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Discussion in 'Incubating & Hatching Eggs' started by JodyJo, Oct 4, 2015.

  1. JodyJo

    JodyJo Chillin' With My Peeps

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    Hi everyone,

    I plan on using an incubator, for the first time, and have a couple questions:

    I just rehomed my roo a few weeks ago, so my eggs are no longer fertile, so...my neighbor has fertile eggs, (in fact her roo is my profile pic) I plan on getting some eggs from her, question is, how long after they are laied, can they be taken and put in the incubator? I have only used broody hens to hatch my chicks. I have lost a couple hens lately, and need a few new ones to keep up with egg buyers demands! Any suggestions would be great...thanks!
     
  2. AmyLynn2374

    AmyLynn2374 Humidity Queen

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    A good share of hatchers will only set eggs collected with in one week. The "experts" say 10 days and under is best for collection and most people agree that over 2 weeks old seriously decreases hatchability. During storage time-stored upright in cartons at 55-65F is usually recomended. Many hatchers also feel that the eggs need to be "turned" 3xs a day as you would during incubation.
     
  3. JodyJo

    JodyJo Chillin' With My Peeps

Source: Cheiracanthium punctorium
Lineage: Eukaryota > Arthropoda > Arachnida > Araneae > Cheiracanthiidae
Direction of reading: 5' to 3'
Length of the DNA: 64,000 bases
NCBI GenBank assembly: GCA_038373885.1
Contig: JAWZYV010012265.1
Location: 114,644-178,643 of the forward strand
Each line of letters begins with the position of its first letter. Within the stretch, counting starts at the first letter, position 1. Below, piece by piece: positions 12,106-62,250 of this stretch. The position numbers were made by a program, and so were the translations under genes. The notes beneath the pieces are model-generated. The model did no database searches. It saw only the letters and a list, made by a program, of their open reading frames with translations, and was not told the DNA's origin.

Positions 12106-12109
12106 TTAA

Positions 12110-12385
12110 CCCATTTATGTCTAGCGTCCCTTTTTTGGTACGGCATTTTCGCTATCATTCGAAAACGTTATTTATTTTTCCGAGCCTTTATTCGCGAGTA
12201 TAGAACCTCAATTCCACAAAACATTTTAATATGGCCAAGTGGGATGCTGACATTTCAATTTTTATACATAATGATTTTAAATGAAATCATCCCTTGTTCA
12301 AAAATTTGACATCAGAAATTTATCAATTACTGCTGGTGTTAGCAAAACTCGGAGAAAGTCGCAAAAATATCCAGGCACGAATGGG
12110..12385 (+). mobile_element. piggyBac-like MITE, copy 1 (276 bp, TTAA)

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    good info....I guess what I meant was, how long after being laid, (time wise) till I need to get them into an incubator? 1 hour, 2? Till they cool too much to not use?
     
  4. Ridgerunner

    Ridgerunner Chicken Obsessed

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    When a hen hides a nest she lays one egg a day until she decides she has enough to hatch, then she starts incubating. A lot of times that is over two weeks. She normally gets good hatches.

    I’m not a broody hen and don’t store my eggs on the ground in the shade where the temperatures are fairly stable. I store mine in a spare bedroom out of drafts from vents and out of sunlight. I hook up my egg turner and store them in that pointy side down at room temperature and practically always start them within a week of them being laid. That broody hen with the hidden nest will still probably do better than me. Those broodies are good.

    Amy gave you some of the ideal conditions to shoot for. Most of us don’t have a place that close to ideal but still do pretty well. If you store eggs in the ideal conditions they can remain viable for a couple of weeks. But the further you are from ideal the less time you have to start them. It’s not a case where they all of a sudden all go from fabulous to a total disaster, it’s that they gradually become less likely to hatch.